Family: Pholcidae (daddy long legs spiders)

Life > Eukaryotes > Opisthokonta > Metazoa (animals) > Bilateria > Ecdysozoa > Panarthropoda > Tritocerebra > Arthropoda > Arachnomorpha > Cheliceriformes > Chelicerata > Euchelicerata > Arachnida > Araneae > Araneomorpha

The Pholcidae, or daddy long legs spiders, is a large family with a worldwide distribution. They are harmless to people as their jaws are unable to penetrate human skin and the venom dose is also too minute. Spider specialists are often asked if it is true that, of all the spiders, the pholcids have the deadliest venom and the only reason there are no human fatalities is because of the small size of the jaws. There is no documentation on this. The venom is possibly neurotoxic, although a few reported bites indicate that it may be mildly cytotoxic, and is deadly to the prey. The myth is possibly a misidentification with Loxosceles (the violin spider the culprit). The pholcids, as well as other spiders, should be encouraged in the home as they control various insect pests such as mosquitoes, flies, fishmoths, ants and moths.

The Familial and generic name is derived from the Greek "pholkos" meaning "squint-eyed.

Other taxa commonly referred to as daddy long legs include: Opiliones (harvestmen - also arachnids), Tipulidae (craneflies) and Gerridae (pond skaters - hemipteran bugs that run on the water). The genus Loxosceles, as stated above, is often wrongly identified as a daddy long legs.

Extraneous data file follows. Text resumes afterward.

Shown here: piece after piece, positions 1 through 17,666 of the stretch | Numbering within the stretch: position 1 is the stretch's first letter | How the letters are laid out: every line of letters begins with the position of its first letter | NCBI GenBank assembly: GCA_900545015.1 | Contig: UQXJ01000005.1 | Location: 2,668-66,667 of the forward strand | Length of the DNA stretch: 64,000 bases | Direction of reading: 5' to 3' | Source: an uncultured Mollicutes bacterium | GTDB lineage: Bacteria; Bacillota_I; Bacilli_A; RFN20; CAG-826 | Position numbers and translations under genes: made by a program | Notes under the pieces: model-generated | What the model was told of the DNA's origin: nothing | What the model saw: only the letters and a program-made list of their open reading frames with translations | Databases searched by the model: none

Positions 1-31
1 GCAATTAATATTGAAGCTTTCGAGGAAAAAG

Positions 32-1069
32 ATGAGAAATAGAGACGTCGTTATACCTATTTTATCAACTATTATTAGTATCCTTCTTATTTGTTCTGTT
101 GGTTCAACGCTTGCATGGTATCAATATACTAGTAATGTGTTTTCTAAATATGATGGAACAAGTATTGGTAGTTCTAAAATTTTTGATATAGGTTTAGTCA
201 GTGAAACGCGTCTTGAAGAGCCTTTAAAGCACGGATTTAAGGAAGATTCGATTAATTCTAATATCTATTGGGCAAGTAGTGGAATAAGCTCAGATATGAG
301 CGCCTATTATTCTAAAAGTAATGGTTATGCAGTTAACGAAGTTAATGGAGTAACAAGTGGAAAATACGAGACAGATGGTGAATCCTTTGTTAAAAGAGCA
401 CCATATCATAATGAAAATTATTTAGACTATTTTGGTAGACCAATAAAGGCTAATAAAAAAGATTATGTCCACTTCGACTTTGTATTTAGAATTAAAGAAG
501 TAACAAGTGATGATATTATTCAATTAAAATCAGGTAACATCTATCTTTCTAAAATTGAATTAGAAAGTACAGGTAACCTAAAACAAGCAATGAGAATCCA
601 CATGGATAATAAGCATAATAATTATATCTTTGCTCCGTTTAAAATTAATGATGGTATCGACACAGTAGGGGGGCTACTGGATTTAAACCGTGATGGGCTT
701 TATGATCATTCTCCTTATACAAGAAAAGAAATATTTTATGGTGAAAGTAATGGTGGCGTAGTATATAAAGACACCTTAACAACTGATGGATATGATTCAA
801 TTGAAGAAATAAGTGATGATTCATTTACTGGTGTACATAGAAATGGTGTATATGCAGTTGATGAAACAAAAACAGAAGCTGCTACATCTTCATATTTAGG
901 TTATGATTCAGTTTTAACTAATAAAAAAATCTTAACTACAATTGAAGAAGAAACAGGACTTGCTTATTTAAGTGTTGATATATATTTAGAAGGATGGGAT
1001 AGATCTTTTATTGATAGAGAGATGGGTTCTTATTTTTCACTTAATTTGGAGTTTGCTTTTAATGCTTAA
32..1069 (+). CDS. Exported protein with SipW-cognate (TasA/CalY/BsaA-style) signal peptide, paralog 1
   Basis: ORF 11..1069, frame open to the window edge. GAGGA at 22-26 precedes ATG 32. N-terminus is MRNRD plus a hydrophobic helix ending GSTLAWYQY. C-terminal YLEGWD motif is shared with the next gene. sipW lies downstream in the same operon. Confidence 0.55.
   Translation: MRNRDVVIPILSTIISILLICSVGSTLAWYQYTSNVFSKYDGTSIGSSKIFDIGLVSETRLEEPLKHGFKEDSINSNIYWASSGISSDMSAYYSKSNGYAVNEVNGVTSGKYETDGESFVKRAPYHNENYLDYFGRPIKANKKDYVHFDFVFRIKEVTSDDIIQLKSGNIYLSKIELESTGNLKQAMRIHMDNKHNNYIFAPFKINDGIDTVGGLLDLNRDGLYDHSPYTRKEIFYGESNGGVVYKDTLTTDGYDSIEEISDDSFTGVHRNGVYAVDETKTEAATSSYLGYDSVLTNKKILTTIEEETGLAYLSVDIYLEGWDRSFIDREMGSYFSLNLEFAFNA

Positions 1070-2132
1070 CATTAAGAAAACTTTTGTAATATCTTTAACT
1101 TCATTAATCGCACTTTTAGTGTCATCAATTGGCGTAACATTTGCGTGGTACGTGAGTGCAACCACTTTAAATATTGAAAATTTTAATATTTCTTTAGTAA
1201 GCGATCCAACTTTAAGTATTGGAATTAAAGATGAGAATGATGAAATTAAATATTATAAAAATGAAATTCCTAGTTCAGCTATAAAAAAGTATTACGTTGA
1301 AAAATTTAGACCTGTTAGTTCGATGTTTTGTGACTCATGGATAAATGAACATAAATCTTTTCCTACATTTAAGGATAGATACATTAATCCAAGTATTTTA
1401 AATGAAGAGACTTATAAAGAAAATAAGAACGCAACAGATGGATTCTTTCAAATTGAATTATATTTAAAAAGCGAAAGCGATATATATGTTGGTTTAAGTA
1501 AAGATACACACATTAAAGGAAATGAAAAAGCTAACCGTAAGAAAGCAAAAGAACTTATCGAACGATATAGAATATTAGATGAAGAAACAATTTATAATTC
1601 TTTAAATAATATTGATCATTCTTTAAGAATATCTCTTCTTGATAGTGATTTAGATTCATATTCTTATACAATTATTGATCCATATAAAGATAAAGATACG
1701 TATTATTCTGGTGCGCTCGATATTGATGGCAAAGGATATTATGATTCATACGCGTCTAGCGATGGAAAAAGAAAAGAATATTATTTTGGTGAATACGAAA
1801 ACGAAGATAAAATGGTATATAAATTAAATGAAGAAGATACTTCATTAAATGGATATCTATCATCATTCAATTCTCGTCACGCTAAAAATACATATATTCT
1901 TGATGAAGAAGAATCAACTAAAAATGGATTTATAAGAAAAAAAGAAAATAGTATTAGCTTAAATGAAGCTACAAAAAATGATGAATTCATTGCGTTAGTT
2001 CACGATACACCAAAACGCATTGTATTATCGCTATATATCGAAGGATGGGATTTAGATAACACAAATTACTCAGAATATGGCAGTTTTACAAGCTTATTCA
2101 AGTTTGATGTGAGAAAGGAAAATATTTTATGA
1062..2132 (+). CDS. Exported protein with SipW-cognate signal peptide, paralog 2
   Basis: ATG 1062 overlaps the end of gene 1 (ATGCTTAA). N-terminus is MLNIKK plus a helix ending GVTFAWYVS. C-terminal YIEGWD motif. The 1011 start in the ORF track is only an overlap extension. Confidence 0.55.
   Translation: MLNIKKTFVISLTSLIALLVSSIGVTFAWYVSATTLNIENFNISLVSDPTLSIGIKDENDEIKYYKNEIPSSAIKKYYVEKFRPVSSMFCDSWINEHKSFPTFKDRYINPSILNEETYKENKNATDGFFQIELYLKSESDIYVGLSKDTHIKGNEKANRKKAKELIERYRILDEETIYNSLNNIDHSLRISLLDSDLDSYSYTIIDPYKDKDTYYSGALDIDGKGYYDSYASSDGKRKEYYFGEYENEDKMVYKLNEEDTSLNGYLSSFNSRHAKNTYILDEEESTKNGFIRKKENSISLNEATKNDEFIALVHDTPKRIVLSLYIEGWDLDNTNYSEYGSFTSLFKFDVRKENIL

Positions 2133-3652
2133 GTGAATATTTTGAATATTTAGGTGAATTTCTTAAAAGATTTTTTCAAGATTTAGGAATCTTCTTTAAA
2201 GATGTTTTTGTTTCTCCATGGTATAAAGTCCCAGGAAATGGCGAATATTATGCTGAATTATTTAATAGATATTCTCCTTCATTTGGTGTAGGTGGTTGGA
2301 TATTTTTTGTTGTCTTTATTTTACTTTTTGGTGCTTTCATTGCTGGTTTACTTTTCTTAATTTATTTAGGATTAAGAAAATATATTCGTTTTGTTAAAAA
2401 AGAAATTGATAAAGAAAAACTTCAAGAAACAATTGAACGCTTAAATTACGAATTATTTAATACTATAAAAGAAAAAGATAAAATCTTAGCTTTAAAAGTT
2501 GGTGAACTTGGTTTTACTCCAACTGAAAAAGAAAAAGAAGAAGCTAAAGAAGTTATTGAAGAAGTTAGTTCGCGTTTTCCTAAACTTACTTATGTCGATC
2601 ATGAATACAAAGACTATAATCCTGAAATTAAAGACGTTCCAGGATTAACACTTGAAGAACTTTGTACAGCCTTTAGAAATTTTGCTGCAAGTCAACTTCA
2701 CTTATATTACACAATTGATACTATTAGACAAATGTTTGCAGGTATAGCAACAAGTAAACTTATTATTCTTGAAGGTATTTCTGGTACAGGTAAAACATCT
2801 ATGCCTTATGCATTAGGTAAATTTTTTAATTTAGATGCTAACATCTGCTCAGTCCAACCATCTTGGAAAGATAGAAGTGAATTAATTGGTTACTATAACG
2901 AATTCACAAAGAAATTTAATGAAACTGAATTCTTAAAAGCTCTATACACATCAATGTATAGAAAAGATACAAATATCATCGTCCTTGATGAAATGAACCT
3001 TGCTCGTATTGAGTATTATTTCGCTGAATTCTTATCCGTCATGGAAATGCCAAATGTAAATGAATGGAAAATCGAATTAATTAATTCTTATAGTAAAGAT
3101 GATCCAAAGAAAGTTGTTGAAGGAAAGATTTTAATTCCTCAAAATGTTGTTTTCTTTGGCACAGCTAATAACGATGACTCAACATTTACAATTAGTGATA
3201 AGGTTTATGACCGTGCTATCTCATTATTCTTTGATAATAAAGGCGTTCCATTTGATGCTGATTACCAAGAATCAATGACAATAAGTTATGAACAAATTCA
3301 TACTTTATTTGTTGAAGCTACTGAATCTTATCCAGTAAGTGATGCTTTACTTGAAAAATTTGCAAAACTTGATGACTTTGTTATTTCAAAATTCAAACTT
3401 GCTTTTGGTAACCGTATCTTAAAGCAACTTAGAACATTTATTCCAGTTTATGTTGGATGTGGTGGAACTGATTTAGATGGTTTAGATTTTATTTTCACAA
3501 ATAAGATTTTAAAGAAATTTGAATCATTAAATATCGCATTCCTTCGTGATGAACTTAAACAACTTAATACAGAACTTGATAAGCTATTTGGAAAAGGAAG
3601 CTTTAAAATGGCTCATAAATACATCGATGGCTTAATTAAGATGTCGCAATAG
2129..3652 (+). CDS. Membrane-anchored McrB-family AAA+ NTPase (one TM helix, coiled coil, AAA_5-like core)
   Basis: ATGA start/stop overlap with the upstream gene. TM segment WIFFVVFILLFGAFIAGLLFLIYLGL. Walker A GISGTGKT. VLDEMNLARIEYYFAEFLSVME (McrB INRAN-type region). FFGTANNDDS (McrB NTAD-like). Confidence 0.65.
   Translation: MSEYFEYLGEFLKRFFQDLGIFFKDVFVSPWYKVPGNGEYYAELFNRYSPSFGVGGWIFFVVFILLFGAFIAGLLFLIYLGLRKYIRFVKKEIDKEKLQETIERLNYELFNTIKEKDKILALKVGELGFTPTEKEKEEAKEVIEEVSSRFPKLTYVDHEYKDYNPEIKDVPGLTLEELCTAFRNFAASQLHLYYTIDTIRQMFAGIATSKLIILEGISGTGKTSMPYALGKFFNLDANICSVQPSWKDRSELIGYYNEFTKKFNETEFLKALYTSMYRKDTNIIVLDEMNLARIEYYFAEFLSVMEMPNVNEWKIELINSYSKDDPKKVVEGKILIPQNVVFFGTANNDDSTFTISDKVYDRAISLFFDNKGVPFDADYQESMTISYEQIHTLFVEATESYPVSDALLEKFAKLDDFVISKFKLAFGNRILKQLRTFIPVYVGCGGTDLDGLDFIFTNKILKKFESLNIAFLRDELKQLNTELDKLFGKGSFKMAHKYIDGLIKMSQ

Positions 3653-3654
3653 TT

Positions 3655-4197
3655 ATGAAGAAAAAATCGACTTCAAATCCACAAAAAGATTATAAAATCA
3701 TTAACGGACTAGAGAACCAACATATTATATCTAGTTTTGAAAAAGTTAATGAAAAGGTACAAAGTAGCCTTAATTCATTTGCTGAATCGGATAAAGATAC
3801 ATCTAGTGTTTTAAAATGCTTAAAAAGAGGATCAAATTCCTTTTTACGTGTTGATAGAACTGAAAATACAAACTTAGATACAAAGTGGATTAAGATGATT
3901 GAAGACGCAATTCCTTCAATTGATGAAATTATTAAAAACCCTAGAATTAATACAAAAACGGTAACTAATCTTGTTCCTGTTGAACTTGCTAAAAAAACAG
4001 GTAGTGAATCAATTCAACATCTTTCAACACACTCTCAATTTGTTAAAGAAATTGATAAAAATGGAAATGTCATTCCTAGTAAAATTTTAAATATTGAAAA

Smeringopus sp. [image N. Larsen ]

 

Pholcids hang inverted in what appears to be a messy, irregular, tangled web. These space-webs are constructed in dark recesses, in caves, under rocks and loose bark, abandoned mammal burrows. Pholcus and Smeringopus are synanthropic, occurring in undisturbed areas in buildings and cellars, hence the other common name, cellar spiders. The web has no adhesive properties but the irregular structure traps insects, making escape difficult. The spider quickly envelops its prey with silk and then inflicts the fatal bite. The prey may be eaten immediately or stored for later. When the spider is threatened by a touch to the web or when too large a prey hits the web, the spider becomes invisible by vibrating rapidly and becoming blurred. This blurring may protect the spider from spider hunting wasps (Pompilidae). When off their webs, pholcids walk with an unsteady, bobbing action.

Certain species of these seemingly benign spiders are araneophagous and invade webs of other spiders and eat the host, the eggs or the prey. In some cases the spider vibrates the web of other spiders, mimicking the prey to lure the host of the web closer.

Pholcids are fragile spiders, the body being 2 to 10 mm in length and the legs are up to 30 mm long. Pholcus and Smeringopus have cylindrical abdomens and the eyes are arranged in 2 lateral groups of 3 and 2 smaller median contiguous (together) eyes. Artema and Spermaphora has a small globose (round) abdomen and its eyes are arranged in 2 groups of 3 and no median eyes. Pholcids are grey to brown with banding or chevron markings.

Pholcids are often confused with the violin spider (Loxosceles, family Sicariidae) but the latter does not occur in a web, is much more robust and is very agile on all surfaces. The false violin spider or leaf-litter spider (family Drymusidae) does occur in a web similar to that of the pholcids and in fact closely resembles them but are not often encountered.

The eggs of the pholcids have no protective sac but are held together as an agglutinated (glued together) mass (similar to balloons held together with a few strands of silk) and, as with the Scytodidae, are carried by the female in the chelicerae and are attached to the web while she feeds. The eggs hatch after 2 to 3 weeks and the spiderlings are either carried by the female for a few days or hang from silk strands in the her web. They mature after 5 moults.

Genera indigenous to southern Africa

Artema

1 species in South Africa.

 

Pholcus

3 species

 

Quamtana

20 species

 

Smeringopus

5 species

 

Spermaphora

5 species

 


TText by Norman Larsen .


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